Control of heartbeat and monitoring blood pressure
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Control of Heartbeat and Monitoring Blood Pressure. Learning objectives. Define heart rate, stroke volume & cardiac output List the main factors affecting blood pressure Measure & accurately record heart rate & blood pressure, using equipment safely. Control of Heartbeat – a review.

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Control of Heartbeat and Monitoring Blood Pressure

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Control of heartbeat and monitoring blood pressure

Control of Heartbeat and Monitoring Blood Pressure


Learning objectives

Learning objectives

  • Define heart rate, stroke volume & cardiac output

  • List the main factors affecting blood pressure

  • Measure & accurately record heart rate & blood pressure, using equipment safely


Control of heartbeat a review

Control of Heartbeat – a review

On your mini whiteboards, summarise what you remember about this!


Definitions

Challenge: can you write these as numeric equations?

Definitions

Heart rate = # beats

minute

  • Heart rate: number of heartbeats per minute

  • Stroke volume: volume of blood (cm3) pumped by heart in 1 beat

  • Cardiac output: stroke volume multiplied by the heart rate gives the amount of blood (cm3) pumped by heart in 1 minute

Stroke Volume = blood cm3

beat

Cardiac Output = blood cm3 X # beats = blood

beat minute minute


Cardiac output

Cardiac Output

  • Can be changed by a number of factors:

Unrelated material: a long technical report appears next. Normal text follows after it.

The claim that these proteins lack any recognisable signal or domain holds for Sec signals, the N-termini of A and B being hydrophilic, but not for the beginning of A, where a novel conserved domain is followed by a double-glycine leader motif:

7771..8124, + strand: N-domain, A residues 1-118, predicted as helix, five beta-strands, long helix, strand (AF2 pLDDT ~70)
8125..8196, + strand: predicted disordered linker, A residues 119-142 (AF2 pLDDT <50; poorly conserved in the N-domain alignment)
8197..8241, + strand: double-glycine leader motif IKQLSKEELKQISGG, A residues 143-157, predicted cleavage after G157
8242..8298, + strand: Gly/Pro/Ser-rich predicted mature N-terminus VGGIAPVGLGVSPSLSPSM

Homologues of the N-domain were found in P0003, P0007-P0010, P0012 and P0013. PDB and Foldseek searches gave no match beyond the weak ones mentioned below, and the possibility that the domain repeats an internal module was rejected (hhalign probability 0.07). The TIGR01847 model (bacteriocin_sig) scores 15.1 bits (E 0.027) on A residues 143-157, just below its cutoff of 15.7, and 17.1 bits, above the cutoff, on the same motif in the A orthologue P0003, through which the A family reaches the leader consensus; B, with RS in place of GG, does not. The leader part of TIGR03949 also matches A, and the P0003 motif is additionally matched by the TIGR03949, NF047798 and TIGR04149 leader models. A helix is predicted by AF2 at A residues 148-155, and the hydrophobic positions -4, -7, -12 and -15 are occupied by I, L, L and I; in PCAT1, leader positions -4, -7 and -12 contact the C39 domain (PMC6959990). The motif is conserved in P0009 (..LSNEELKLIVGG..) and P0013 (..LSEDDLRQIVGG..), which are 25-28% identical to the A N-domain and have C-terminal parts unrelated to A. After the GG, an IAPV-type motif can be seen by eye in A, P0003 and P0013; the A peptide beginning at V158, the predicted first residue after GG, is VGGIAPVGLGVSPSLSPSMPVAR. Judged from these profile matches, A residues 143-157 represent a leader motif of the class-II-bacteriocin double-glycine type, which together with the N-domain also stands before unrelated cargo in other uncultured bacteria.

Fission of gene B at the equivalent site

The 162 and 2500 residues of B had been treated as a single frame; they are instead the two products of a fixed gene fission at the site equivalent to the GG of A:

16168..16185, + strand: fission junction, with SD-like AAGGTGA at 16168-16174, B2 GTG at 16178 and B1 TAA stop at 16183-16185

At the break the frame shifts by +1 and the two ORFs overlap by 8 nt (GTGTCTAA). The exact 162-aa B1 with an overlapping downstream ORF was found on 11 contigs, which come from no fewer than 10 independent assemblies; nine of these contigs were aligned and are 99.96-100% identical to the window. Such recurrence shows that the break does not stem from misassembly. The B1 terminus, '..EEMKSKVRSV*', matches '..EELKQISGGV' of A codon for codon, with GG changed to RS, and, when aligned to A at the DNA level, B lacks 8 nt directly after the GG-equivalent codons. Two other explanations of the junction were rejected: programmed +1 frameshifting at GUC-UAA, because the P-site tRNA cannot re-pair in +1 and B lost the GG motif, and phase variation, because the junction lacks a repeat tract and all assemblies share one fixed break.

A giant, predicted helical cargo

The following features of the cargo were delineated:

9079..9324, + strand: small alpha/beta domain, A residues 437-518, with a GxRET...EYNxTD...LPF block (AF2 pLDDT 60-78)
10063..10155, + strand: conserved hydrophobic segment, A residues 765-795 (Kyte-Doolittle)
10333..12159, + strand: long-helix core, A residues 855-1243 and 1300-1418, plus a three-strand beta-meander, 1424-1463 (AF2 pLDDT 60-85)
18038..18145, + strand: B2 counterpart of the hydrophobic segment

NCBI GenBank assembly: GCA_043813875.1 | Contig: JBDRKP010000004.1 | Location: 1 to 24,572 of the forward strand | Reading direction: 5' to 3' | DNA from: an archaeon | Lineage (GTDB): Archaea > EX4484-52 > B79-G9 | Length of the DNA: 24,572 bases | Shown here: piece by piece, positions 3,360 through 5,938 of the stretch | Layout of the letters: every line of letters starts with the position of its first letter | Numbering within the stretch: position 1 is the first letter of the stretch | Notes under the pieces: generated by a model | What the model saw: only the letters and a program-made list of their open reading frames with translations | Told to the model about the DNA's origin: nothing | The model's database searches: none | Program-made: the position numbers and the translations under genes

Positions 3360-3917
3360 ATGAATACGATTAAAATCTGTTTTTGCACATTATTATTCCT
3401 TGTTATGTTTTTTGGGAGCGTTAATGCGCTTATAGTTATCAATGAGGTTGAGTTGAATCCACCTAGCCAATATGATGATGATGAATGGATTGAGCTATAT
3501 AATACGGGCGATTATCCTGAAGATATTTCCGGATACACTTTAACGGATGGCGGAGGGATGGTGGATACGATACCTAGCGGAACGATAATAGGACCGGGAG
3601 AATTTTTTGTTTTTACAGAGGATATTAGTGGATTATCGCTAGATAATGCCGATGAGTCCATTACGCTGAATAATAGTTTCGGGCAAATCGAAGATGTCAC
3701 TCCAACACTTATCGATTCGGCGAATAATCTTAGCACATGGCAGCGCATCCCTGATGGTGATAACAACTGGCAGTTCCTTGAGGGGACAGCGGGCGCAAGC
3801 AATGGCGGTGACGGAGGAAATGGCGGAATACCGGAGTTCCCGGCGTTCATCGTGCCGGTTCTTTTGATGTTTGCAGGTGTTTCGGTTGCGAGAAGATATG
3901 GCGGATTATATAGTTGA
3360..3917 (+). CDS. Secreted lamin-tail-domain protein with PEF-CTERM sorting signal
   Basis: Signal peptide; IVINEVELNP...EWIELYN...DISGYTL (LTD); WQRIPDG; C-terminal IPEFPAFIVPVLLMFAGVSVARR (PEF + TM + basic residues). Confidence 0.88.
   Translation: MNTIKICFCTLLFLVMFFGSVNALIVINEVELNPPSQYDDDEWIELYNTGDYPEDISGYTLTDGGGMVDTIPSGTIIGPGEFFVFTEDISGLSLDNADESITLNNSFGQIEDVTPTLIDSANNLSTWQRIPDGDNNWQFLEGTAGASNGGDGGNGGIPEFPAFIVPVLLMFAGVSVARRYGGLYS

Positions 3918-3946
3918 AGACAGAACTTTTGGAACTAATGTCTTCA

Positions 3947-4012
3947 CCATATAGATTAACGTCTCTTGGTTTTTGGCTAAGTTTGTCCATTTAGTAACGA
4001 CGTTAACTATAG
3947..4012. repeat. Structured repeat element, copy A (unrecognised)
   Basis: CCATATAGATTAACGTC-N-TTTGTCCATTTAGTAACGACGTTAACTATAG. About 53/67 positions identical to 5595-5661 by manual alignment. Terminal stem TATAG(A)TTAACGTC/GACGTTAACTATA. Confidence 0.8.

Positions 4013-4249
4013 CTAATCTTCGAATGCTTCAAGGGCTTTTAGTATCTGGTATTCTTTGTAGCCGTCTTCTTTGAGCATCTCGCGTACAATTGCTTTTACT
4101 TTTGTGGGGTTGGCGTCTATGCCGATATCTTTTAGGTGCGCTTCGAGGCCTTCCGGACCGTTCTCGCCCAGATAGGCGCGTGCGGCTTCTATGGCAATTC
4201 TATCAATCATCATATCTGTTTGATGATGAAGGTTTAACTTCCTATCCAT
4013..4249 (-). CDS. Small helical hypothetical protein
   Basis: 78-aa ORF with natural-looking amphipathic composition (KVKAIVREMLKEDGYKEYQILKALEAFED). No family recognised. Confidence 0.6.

• Cardiovascular centre in brain

    • Hormones e.g. adrenaline

    • Stretching of cardiac muscle


Control of cardiac output and blood pressure

Control of Cardiac Output and Blood Pressure

Parasympathetic & sympathetic nerves

to smooth muscle of arterioles


Control of heartbeat and monitoring blood pressure

What is the effect of exercise on cardiac output?

Get out your calculators!

5,625

21,600


Blood pressure

Blood Pressure

  • Blood needs to flow through vessels at a certain pressure. If pressure is too low, exchange of nutrients and gases within the tissues will not happen efficiently.

  • This is why blood pressure is a vital measurement taken by doctors and nurses.

  • Blood pressure is measured using a sphygmomanometer and is recorded in mmHg (millimetres of mercury)


Blood pressure1

Blood Pressure

  • Measured in blood vessels (artery)

  • Determined by cardiac output and resistance to flow of blood in vessels

  • Resistance to flow affected by diameter of blood vessels

  • Narrower vessels (vasoconstriction)

  • Wider vessels (vasodilation)


Factors affecting blood pressure

Factors affecting blood pressure

  • Cardiovascular centre

    • Diameter of blood vessels controlled by stimulation of sympathetic and parasympathetic nerves

  • Smoking

    • Nicotine causes vasoconstriction

    • Build up of fatty deposits in vessels

  • Diet

    • High fat diet leads to build up of fatty deposits in blood vessels

  • Adrenaline

    • Causes selective vasoconstriction & vasodilation

  • Increase in blood viscosity

    • Excess water loss (sweating/excessive urination)


Diastolic and systolic pressure definitions

Diastolic and Systolic Pressure Definitions